An even shorter overview was published at ACL 2004. Its abstract and intro are below.
Abstract of the overview paper
We present the first version of a new declarative programming language. Dyna has many uses but was designed especially for rapid development of new statistical NLP systems.
A Dyna program is a small set of equations, resembling Prolog inference rules, that specify the abstract structure of a dynamic programming algorithm. It compiles into efficient, portable, C++ classes that can be easily invoked from a larger application.
By default, these classes run a generalization of agenda-based parsing, prioritizing the partial parses by some figure of merit. The classes can also perform an exact backward (outside) pass in the service of parameter training.
The compiler already knows several implementation tricks, algorithmic transforms, and numerical optimization techniques. It will acquire more over time: we intend for it to generalize and encapsulate best practices, and serve as a testbed for new practices. Dyna is now being used for parsing, machine translation, morphological analysis, grammar induction, and finite-state modeling.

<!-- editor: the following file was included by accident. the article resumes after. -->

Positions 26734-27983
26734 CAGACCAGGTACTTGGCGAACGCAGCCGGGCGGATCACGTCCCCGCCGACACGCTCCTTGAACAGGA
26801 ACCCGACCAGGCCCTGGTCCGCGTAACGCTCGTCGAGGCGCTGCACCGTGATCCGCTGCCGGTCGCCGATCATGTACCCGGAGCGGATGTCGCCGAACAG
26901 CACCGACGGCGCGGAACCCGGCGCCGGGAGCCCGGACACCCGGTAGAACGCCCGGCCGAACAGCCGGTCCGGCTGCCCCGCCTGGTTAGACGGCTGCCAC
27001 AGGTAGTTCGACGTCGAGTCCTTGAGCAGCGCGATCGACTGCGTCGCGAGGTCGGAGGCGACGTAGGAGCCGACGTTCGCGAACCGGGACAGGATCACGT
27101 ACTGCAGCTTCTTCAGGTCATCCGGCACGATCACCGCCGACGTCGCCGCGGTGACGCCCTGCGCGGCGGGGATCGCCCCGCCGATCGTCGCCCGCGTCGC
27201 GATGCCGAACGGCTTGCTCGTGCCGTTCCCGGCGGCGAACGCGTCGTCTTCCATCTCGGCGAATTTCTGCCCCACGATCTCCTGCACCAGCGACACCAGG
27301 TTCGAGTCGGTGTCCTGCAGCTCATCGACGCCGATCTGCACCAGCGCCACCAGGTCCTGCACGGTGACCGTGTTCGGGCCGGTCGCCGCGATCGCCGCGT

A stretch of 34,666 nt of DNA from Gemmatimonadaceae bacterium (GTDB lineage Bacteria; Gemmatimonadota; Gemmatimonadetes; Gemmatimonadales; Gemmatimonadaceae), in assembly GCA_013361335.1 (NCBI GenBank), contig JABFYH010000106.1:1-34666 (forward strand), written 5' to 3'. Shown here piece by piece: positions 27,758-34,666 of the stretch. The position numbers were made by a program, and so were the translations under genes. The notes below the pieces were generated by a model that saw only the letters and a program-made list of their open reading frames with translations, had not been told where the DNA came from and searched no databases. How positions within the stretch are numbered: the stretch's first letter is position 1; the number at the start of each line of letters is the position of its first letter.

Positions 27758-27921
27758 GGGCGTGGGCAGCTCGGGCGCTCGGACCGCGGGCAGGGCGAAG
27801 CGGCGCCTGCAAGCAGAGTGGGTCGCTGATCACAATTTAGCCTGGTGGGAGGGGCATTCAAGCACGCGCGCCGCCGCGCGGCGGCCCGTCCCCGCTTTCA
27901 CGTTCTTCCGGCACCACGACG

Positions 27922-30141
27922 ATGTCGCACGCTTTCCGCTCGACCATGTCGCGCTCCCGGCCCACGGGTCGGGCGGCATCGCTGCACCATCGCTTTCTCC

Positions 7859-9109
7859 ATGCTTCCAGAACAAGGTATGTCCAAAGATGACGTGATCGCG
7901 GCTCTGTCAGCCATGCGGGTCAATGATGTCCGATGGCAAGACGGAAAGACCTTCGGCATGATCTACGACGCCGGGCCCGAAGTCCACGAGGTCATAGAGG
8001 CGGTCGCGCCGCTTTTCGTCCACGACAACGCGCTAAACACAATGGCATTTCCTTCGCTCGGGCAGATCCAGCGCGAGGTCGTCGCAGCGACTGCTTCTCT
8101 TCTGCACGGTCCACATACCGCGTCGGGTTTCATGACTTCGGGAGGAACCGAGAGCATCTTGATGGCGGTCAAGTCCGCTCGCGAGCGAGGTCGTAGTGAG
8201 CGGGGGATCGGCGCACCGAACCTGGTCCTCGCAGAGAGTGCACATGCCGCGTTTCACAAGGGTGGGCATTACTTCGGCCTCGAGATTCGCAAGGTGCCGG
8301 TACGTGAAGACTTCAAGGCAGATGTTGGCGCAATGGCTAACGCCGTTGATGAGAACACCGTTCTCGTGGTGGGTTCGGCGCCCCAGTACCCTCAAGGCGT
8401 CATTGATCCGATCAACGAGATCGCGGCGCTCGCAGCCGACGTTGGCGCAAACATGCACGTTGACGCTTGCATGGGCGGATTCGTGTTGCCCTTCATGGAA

Introduction to the overview paper
Computational linguistics has become a more experimental science. One often uses real-world data to test one's formal models (grammatical, statistical, or both).
Unfortunately, as in other experimental sciences, testing each new hypothesis requires much tedious lab work: writing and tuning code until parameter estimation ("training") and inference over unknown variables ("decoding") are bug-free and tolerably fast. This is intensive work, given complex models or a large search space (as in modern statistical parsing and machine translation). It is a major effort to break into the field with a new system, and modifying existing systems -- even in a conceptually simple way -- can require significant reengineering.
Such "lab work" mainly consists of reusing or reinventing various dynamic programming architectures. We propose that it is time to jump up a level of abstraction. We offer a new programming language, Dyna, that allows one to quickly and easily specify a modelÃ‚Â´s combinatorial structure. We also offer a compiler,
dynac, that translates from Dyna into C++ classes. The compiler does all the tedious work of writing the training and decoding code. It is intended to do as good a job as a clever graduate student who already knows the tricks of the trade (and is willing to maintain hand-tuned C++).